This...this is the very reason why I didn't leave Israel for the entire time that Elie and Shmuli were in the army...

I'm far away on a business trip and yet, in the middle of the conference, I can't stop myself from checking the news in Israel. A soldier has been wounded...that easily can a mother's heart stop. Lightly wounded...and so the heart beats a bit. In an area far from where mine is...and so the heart beats again, this time with a little guilt.

Yesterday, a soldier was lightly wounded. I can guess what happened then. Or at least, I can hope. Hopefully, they handed the soldier his phone and told him, "Call home."

"Allo, Ima?" he would say.

"Yes, sweets, how are you?"

"I'm fine. Really, but..."

And that quickly her heart would have tripped. A million thoughts in a fraction of a second. He's calling. It's his voice. He's alive. He sounds okay. Where are you? What happened? I'll be right there.

That fast, would she rush to her car (or find someone who has one). That quickly would she leave work or home; call someone to take care of the younger children or call her older children.

Frantic until she gets to the hospital and sees for herself. Nothing matters until she can hug him, touch him, see him.

All this and more goes through my mind as I sit here thousands of kilometers away enjoying a business trip in a distant land. So so different...

Fascinating sessions, wonderful and friendly people. One is outraged that I, as an Israeli, would ever feel uncomfortable traveling. Two people have come over and told me they read this blog...and I love that. I love being here.

I need to stop checking the news. I write to David and he sends me pictures of where he is. My children are posting pictures to me of my grandchildren, reminding me of my world (not that I could forget it for a moment). The connection to home burns so brightly, so strong.

So does the worry of being so far from home. I wonder how many more times my heart will stop before I return.

For now, it's enough to have a brief WhatsApp conversation with David. He's fine. He's okay. It's enough...it has to be...each day, every day...it's everything.

Who is your God?

Have you ever been asked that question? More, have you ever been asked that question where you know the person is possibly not monotheistic, certainly doesn't believe in YOUR God? In a place so different that you worry any word could offend and so you think, really think, before you speak.

India is an amazing land of amazing contrasts - the people, the land. You can, within minutes, go from such luxury to unimaginable poverty. In a single day, I met a Jew, a Muslim, a Hindu. Someone from Europe, someone from Asia, someone from America.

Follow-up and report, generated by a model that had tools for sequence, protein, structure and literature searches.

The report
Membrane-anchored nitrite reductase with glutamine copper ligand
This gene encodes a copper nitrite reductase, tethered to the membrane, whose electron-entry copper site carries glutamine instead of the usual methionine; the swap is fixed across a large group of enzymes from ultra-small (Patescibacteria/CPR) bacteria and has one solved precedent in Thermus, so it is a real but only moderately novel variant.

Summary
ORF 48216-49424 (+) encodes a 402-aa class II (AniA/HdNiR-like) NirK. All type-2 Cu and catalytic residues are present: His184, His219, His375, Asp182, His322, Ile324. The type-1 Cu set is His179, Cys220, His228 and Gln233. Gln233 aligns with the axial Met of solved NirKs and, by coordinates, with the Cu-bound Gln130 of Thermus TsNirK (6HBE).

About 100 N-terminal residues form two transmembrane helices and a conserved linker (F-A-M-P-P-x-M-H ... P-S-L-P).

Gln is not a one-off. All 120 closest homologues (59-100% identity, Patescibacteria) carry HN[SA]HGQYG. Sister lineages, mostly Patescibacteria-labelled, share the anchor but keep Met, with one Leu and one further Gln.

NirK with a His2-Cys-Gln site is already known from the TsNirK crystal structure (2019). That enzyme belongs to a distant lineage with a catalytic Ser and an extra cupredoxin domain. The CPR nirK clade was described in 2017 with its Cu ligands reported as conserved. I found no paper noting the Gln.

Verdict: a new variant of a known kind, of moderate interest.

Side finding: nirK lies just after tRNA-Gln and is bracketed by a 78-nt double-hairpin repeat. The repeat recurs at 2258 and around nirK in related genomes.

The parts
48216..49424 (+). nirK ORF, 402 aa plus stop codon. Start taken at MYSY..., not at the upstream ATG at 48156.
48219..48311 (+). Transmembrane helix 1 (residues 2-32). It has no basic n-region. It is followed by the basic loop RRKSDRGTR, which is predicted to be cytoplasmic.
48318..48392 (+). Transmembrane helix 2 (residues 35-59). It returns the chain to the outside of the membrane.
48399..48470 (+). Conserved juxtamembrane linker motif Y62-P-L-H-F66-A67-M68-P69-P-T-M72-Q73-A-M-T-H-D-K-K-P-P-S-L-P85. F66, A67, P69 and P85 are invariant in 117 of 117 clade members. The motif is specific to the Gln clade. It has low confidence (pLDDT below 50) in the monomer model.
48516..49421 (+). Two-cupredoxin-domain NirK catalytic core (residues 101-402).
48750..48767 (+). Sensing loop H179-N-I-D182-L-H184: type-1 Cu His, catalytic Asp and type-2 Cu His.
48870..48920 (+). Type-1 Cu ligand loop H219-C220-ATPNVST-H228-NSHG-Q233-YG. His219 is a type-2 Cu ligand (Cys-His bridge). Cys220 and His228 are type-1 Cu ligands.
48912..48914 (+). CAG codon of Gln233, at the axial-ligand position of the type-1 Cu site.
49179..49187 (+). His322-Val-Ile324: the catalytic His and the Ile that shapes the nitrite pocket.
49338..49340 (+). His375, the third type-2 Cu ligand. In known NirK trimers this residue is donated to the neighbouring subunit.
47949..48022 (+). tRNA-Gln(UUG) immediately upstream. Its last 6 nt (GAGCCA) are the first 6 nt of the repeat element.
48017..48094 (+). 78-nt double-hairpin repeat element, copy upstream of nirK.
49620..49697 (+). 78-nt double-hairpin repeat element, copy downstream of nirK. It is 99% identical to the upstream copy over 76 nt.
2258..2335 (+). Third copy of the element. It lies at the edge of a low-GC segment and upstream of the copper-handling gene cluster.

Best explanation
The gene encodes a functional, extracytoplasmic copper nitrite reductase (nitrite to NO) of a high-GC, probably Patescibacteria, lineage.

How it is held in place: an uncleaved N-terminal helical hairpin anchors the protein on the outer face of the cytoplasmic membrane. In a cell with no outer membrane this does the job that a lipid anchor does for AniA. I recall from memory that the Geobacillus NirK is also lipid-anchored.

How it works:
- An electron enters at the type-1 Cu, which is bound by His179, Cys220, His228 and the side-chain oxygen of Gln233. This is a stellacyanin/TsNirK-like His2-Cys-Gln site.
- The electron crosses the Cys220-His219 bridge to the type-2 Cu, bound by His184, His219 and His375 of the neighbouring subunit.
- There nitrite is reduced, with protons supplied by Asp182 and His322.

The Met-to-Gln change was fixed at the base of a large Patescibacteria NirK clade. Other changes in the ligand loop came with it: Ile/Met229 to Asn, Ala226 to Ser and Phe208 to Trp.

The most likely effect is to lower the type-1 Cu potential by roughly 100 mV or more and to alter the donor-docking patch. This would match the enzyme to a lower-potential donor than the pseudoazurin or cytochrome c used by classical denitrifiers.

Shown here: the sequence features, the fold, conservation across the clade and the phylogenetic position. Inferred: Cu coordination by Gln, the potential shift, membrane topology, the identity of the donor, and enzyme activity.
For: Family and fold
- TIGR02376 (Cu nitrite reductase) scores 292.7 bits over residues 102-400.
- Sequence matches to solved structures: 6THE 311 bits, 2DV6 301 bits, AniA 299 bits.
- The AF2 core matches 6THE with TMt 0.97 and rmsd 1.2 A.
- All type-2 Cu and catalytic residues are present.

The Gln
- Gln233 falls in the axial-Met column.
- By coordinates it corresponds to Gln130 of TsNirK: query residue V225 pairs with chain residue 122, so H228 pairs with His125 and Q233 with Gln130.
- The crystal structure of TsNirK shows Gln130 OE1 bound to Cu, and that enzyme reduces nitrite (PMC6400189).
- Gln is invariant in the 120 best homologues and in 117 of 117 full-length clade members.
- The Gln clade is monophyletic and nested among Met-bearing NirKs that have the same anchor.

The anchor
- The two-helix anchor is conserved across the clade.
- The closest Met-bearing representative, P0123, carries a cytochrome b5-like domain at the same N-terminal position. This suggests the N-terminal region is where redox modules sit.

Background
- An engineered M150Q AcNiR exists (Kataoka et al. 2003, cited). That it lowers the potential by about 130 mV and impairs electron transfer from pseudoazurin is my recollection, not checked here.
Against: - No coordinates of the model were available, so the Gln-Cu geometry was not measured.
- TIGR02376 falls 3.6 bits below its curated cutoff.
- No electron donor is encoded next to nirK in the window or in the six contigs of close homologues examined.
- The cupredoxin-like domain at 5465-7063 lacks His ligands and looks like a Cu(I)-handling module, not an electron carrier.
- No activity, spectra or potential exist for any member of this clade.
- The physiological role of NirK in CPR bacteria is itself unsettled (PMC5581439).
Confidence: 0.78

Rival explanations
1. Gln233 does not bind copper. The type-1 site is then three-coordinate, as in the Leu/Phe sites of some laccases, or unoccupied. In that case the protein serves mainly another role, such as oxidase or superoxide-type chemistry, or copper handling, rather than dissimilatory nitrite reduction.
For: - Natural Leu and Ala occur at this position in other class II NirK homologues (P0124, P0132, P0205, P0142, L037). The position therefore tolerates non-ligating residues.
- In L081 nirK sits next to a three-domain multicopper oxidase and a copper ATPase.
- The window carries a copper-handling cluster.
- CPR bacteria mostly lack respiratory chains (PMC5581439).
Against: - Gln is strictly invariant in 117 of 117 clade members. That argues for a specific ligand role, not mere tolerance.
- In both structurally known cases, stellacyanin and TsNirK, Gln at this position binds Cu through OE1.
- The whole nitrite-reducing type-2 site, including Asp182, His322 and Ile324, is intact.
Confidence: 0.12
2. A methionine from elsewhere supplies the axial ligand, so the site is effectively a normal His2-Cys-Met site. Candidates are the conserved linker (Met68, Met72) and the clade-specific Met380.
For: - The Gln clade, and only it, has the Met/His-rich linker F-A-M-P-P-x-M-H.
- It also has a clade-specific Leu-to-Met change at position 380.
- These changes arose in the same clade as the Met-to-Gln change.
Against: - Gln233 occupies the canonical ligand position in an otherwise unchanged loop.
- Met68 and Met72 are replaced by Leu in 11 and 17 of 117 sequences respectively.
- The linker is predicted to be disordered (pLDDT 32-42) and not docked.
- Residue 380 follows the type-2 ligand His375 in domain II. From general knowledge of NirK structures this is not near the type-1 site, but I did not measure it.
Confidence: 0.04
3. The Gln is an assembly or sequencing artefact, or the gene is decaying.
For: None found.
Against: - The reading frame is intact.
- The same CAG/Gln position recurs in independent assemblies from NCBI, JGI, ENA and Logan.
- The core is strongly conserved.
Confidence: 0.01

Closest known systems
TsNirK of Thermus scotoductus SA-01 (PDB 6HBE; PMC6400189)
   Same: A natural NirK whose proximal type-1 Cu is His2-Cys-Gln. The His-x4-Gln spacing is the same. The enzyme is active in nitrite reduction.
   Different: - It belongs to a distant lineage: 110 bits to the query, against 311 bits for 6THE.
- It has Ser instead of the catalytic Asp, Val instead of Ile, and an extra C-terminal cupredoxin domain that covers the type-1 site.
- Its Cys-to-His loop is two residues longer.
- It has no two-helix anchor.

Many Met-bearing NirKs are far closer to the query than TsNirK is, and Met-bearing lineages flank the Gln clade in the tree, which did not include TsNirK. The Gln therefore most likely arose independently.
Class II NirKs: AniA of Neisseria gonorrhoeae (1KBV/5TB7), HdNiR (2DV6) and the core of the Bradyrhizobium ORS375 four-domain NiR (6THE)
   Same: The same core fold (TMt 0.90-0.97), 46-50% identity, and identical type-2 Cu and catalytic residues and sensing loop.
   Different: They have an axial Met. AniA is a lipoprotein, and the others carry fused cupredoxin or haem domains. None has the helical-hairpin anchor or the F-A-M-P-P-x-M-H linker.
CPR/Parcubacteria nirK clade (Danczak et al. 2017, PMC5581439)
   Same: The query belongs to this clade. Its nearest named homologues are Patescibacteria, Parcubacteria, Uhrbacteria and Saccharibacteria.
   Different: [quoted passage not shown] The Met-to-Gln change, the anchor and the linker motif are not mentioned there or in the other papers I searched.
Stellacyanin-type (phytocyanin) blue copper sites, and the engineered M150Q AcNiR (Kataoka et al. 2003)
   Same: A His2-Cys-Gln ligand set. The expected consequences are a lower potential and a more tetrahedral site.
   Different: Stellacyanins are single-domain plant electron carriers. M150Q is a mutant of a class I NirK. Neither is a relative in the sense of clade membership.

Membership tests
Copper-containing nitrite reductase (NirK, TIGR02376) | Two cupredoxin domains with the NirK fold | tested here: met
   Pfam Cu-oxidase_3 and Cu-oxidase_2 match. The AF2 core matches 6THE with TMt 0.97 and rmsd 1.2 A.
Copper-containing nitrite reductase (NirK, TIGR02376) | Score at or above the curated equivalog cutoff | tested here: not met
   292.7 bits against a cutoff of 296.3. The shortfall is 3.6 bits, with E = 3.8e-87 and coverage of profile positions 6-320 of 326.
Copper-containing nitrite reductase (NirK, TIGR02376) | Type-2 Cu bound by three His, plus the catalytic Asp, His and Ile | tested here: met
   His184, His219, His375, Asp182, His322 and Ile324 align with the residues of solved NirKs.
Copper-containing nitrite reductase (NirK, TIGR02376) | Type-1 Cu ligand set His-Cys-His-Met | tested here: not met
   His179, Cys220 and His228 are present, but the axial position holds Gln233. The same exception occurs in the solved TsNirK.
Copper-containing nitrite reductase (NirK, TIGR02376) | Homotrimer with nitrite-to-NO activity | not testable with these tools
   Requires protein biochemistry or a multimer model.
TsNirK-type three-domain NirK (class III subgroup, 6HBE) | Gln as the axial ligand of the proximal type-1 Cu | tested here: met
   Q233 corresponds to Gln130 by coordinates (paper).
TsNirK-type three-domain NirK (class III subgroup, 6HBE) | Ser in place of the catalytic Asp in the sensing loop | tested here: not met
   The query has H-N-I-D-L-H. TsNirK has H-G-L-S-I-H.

The land is so different, the air, the smells. The smiles, the gestures and body language. So different that you find yourself amazed by the similarities while celebrating the unique. And you can see cows walking on highways as cars swerve around them, and monkeys sitting on the fences near a park. The dresses of the women are so colorful. India is a celebration of colors, blended in impossible combinations that break all the rules and dazzle the eyes. The people are so helpful, so kind. 

And for once, for all my travels over the last few years, I am in a land that respects my country. Endlessly, I am told that Israel and India have a strong alliance; that the military strength of Israel is respected and honored here; that I am from a good land, a blessed one.

“Very good,” says one man after hearing I am from Israel.

“Israel. Strong country,” says another. Does he realize how tiny we are?

Mostly, I meet Hindus; sometimes, I meet Muslims. Everywhere, there are armed soldiers on alert; I thank them as I exit the airports and tourist sites. I do it at home; why would I not do it here?

I am on my way from Delhi to Bangalore. The flight I booked has a stopover in Ranchi. I have learned over the last few years that each country and perhaps each city has its own rules. In one country, they insist on stamping your passport, even when you are merely passing through. In India, they are very security-conscious and so when you get off the plane in this tiny airport, you walk in a big circle...down a flight of stairs, around and around on the first floor, through a security check, and back upstairs, soon to board the next plane through the very same gate I entered almost two hours before.